Determining Intention to Provide Culturally Responsive Clinical Mental Health Care to Collegiate Student-Athletes
Keywords:clinical care, culturally responsive, student-athlete, Theory of Planned Behavior, athletics
Mental health care providers’ cultural responsiveness related to athletics is crucial to their clinical care provision for student-athletes on college campuses. However, little research has been conducted in applying a theoretical framework to explore providers’ intentions to provide culturally responsive clinical care to this specific student population. Understanding providers’ perceptions of student-athletes is integral in assuring clinical care provision that is responsive related to the culture of athletics. The purpose of this study was to test a conceptual model that adapted the Theory of Planned Behavior to explore the determinants of providers’ intention to be culturally responsive to the unique needs of collegiate student-athletes. For this study, cultural responsiveness was defined as the cumulative level of a provider’s self-efficacy related to communicating with student-athletes, empathy specific to student-athletes, positive attitudes toward the culture of athletics, and knowledge related to the culture of athletics. Data were collected using an online survey method, and the responses from 153 participants were analyzed using multiple regression analysis. The results indicated that all survey scales were stable and reliable on which to base our data analysis results. Additionally, results suggested that the adapted TPB can be a useful framework in predicting mental health care providers’ intention to be culturally responsive to student-athletes’ unique needs. Implications for research are discussed.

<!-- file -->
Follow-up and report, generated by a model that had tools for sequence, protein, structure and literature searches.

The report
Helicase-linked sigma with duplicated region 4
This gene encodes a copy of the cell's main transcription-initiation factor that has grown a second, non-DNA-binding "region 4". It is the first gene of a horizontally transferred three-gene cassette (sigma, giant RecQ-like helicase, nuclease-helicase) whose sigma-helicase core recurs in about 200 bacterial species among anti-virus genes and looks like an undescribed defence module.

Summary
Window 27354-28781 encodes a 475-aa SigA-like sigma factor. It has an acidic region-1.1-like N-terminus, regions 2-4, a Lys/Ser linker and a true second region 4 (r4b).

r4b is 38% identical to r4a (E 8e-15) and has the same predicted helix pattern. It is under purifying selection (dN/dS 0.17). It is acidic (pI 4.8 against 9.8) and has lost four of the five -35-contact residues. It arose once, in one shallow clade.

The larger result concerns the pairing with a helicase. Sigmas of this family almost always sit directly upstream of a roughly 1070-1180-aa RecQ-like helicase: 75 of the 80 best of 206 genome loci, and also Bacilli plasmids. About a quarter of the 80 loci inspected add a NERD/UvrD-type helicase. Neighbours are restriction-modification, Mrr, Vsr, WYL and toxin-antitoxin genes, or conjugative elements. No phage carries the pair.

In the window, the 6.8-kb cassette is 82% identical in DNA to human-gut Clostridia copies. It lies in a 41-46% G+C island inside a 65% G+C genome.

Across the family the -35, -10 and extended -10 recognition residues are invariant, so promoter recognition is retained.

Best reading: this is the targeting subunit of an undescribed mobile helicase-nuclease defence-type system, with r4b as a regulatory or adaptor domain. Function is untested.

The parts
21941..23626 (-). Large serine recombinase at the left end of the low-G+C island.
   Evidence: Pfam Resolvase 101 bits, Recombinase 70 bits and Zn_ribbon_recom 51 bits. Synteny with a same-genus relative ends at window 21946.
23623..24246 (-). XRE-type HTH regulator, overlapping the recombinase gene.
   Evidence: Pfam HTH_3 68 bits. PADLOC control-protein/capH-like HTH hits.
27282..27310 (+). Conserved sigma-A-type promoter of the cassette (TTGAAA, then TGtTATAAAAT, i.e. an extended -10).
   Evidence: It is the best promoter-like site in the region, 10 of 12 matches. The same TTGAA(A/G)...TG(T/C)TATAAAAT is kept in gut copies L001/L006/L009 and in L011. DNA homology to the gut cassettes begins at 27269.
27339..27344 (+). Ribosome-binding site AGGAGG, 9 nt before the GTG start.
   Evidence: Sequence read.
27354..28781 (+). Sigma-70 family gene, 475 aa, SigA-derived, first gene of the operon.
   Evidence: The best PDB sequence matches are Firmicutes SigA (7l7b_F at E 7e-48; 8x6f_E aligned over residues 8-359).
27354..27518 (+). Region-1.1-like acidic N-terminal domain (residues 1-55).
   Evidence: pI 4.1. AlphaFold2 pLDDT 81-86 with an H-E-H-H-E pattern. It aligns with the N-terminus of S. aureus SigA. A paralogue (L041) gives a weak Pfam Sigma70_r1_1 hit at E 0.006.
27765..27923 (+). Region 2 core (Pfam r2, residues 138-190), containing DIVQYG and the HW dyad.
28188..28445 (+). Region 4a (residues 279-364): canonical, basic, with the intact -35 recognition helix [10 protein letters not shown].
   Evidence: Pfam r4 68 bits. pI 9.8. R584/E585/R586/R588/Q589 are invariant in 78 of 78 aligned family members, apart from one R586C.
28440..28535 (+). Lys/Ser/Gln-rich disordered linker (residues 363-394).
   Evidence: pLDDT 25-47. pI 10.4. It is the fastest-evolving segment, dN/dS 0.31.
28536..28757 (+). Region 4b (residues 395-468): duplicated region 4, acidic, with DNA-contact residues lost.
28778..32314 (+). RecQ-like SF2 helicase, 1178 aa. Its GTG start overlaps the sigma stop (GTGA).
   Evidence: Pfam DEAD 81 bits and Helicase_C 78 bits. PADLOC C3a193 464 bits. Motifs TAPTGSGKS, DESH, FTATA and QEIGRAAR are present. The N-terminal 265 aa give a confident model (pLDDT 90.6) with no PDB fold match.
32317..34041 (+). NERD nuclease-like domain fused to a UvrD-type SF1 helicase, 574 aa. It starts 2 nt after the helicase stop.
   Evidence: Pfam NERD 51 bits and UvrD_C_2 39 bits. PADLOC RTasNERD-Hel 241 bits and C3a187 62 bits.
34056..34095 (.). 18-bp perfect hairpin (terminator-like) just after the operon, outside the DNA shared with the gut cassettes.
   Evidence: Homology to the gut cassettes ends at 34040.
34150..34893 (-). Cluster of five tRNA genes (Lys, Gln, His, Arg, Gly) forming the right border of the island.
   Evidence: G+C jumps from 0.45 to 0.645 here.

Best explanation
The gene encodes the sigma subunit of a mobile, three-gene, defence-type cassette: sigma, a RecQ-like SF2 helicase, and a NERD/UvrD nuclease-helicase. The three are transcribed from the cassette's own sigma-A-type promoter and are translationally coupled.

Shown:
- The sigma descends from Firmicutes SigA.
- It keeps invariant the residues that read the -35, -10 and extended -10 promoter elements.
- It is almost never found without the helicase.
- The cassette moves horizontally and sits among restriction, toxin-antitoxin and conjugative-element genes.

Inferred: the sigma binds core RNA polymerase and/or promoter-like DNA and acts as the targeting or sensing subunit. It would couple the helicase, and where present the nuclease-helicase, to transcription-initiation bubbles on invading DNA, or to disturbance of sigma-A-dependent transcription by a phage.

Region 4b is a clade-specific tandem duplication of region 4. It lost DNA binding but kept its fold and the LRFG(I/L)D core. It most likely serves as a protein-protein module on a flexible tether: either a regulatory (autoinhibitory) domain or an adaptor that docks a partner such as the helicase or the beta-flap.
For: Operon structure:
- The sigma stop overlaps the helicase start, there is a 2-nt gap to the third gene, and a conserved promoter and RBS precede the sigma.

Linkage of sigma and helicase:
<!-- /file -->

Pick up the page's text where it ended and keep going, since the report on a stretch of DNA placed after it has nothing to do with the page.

Copyright (c) 2023 Lindsey Sanders, David Wyrick, Kelly Rulison, Jay Poole, Michael Perko, Emily Kroshus
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